Economy and Land Use

alabama economy and land use

Map and landuse data produced by Alabama Water Watch

Agriculture is still the major factor in the economy of the Alabama River Basin, especially the lower part. Corn, hay, peanuts, potatoes, and soybeans are the principal crops, and livestock and poultry production and dairying are increasing in importance. The trend is toward larger commercial-type farms with increased use of machinery. (from Water Resource Development)

There are many manufacturing industries within the basin.

Approximately 39 percent (187,339 acres) of the Alabama River subbasin consists of palustrine wetland habitat. 99% of these wetlands are riparian and less than 1% are reservoir-associated wetlands. (Corps ’98 p.4-138)

The Alabama River from Wetumpka downstream to the Mobile is considered a critical navigation route for commercial barge traffic, which is an important regional economic resource.

A 9-foot-deep by 200-foot-wide navigation depth is needed to provide the full authorized navigation channel. 7.5 feet can provide a limited amount of navigation. Over the period from 1976 to 1993, the 7.5-foot channel was available 79% of the time and the 9 foot channel was available 72% of the time.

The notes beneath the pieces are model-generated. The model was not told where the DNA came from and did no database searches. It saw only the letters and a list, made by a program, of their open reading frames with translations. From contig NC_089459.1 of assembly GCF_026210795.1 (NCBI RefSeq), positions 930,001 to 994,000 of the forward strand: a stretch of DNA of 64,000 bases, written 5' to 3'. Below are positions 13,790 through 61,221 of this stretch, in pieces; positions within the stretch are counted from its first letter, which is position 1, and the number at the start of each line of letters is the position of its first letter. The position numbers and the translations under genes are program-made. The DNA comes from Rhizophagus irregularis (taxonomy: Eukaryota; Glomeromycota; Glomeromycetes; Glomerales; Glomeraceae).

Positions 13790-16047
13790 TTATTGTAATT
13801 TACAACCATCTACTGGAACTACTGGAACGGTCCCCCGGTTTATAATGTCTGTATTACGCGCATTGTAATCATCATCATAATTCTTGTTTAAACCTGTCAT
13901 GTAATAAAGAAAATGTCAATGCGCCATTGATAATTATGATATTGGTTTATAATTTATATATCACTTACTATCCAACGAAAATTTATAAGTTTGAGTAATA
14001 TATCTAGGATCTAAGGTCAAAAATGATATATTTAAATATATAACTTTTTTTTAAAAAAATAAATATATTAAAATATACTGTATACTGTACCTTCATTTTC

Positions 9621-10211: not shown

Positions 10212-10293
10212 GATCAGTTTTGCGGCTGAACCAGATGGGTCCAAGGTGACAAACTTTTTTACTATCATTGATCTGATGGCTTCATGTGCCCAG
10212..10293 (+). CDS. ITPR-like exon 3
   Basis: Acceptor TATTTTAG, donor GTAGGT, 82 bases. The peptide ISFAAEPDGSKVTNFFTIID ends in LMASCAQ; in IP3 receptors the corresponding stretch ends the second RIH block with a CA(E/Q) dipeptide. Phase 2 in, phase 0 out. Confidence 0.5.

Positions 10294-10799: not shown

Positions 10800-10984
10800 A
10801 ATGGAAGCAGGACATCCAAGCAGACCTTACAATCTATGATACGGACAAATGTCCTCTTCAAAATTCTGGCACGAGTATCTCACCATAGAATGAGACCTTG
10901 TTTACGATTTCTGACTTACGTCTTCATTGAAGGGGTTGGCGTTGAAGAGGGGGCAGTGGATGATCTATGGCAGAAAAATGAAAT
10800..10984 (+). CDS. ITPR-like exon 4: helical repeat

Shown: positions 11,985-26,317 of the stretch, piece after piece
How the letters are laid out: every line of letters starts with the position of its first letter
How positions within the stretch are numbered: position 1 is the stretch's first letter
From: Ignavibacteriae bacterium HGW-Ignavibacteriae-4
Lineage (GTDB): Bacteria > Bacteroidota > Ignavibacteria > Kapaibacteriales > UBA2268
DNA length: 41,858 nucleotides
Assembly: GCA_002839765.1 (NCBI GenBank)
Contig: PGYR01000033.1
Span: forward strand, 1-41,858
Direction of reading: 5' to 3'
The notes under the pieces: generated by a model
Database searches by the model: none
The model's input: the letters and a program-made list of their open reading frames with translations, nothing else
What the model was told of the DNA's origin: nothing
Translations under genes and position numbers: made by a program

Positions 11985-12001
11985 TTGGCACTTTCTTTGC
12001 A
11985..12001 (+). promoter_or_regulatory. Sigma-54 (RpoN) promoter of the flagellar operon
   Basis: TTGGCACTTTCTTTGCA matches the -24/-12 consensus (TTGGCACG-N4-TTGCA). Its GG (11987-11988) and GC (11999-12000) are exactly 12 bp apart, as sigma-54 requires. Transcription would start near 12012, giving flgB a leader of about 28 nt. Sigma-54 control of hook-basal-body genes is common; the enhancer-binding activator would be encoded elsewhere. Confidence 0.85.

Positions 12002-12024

Barge traffic for waterborne commerce has been decreasing since the late 1980s when severe droughts adversely affected navigation channel conditions and competitive rates became available for other modes of transportation. Traffic on the Alabama River is almost entirely related to forest products and pulp (85% of commerce).

In 1992 aprrox. 1,777,000 tons of commerce moved over the waterway.